Autism spectrum disorders (ASD) are a group of complex and heterogeneous developmental disorders involving multiple neural system dysfunctions. In an effort to understand neurophysiological substrates, identify etiopathophysiologically distinct subgroups of patients, and track outcomes of novel treatments with translational biomarkers, EEG (electroencephalography) studies offer a promising research strategy in ASD. Resting-state EEG studies of ASD suggest a U-shaped profile of electrophysiological power alterations, with excessive power in low-frequency and high-frequency bands, abnormal functional connectivity, and enhanced power in the left hemisphere of the brain. In this review, we provide a summary of recent findings, discuss limitations in available research that may contribute to inconsistencies in the literature, and offer suggestions for future research in this area for advancing the understanding of ASD.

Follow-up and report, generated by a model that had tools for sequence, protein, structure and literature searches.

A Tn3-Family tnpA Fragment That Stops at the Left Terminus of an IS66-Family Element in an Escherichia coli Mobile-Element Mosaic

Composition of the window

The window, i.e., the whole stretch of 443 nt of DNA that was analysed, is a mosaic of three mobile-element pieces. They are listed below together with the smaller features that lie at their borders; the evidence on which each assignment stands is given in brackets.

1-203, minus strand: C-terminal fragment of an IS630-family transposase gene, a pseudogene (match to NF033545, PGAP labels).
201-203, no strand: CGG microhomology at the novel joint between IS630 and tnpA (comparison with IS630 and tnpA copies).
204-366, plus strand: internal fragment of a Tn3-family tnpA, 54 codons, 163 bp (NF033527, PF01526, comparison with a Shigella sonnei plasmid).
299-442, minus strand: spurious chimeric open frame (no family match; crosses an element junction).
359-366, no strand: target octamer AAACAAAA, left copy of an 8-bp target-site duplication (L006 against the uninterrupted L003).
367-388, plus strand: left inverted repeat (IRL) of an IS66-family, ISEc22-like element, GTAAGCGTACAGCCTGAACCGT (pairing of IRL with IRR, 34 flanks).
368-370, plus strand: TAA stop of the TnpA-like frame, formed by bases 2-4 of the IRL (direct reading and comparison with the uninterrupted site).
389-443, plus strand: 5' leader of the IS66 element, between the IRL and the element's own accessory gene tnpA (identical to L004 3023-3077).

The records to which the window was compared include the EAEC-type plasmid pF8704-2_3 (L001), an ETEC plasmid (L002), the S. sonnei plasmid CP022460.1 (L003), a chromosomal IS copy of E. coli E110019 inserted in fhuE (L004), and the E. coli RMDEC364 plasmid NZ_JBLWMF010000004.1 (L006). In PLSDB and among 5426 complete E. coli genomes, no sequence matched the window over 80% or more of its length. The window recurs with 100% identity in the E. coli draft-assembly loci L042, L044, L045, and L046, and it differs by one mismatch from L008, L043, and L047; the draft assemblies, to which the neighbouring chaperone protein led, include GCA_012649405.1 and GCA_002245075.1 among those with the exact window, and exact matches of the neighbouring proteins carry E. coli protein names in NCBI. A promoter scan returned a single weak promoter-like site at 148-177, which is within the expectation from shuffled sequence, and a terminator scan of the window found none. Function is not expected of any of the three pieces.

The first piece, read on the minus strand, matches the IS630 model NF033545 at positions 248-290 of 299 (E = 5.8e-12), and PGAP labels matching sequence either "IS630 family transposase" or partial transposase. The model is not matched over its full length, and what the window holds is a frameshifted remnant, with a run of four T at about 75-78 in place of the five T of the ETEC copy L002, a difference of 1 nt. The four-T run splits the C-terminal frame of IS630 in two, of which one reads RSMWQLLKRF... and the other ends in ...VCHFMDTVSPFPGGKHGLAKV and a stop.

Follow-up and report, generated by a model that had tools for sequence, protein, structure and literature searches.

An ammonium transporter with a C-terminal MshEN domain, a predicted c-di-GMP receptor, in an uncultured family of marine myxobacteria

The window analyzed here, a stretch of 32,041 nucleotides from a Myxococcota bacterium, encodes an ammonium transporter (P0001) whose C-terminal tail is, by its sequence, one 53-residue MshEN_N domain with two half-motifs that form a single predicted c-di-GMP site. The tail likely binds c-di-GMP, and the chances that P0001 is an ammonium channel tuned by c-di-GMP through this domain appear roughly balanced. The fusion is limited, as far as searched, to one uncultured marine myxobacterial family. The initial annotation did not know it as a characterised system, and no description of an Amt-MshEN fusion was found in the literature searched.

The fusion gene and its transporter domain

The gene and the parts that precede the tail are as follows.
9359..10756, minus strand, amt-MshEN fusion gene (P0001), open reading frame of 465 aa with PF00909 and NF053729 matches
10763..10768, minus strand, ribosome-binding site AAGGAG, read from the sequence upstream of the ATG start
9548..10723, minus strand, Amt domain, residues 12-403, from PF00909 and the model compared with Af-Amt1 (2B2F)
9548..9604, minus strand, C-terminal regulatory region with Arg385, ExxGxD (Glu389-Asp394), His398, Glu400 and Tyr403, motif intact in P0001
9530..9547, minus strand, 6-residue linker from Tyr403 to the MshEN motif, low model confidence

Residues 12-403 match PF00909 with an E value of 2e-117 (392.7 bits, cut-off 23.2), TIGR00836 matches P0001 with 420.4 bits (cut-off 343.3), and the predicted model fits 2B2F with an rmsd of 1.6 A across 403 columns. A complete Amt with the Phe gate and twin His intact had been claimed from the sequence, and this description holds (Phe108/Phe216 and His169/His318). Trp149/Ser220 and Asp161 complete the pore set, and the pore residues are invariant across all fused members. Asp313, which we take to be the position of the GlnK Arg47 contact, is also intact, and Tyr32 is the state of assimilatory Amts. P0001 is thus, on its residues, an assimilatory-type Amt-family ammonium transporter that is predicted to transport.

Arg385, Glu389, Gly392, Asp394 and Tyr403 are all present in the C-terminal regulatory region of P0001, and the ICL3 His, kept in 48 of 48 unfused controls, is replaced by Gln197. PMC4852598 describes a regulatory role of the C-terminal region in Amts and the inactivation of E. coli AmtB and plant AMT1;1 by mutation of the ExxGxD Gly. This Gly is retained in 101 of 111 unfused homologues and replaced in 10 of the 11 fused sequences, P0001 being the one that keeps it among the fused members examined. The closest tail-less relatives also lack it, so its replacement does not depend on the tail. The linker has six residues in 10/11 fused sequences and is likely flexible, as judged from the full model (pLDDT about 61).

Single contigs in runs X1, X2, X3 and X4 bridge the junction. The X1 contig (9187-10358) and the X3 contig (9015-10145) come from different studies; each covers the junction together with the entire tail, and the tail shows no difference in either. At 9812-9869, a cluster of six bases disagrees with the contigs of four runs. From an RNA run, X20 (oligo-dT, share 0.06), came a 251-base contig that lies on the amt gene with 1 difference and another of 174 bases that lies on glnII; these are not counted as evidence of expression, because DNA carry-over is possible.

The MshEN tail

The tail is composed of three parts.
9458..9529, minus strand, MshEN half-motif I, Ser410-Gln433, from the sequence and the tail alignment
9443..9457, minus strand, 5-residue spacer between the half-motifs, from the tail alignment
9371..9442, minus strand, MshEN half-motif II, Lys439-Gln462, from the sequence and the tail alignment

Wang J, Barstein J, Ethridge LE, Mosconi MW, Takarae Y, Sweeney JA. Resting state EEG abnormalities in autism spectrum disorders. J Neurodev Disord. 2013 Sep 16;5(1):24. doi: 10.1186/1866-1955-5-24. PMID: 24040879; PMCID: PMC3847481.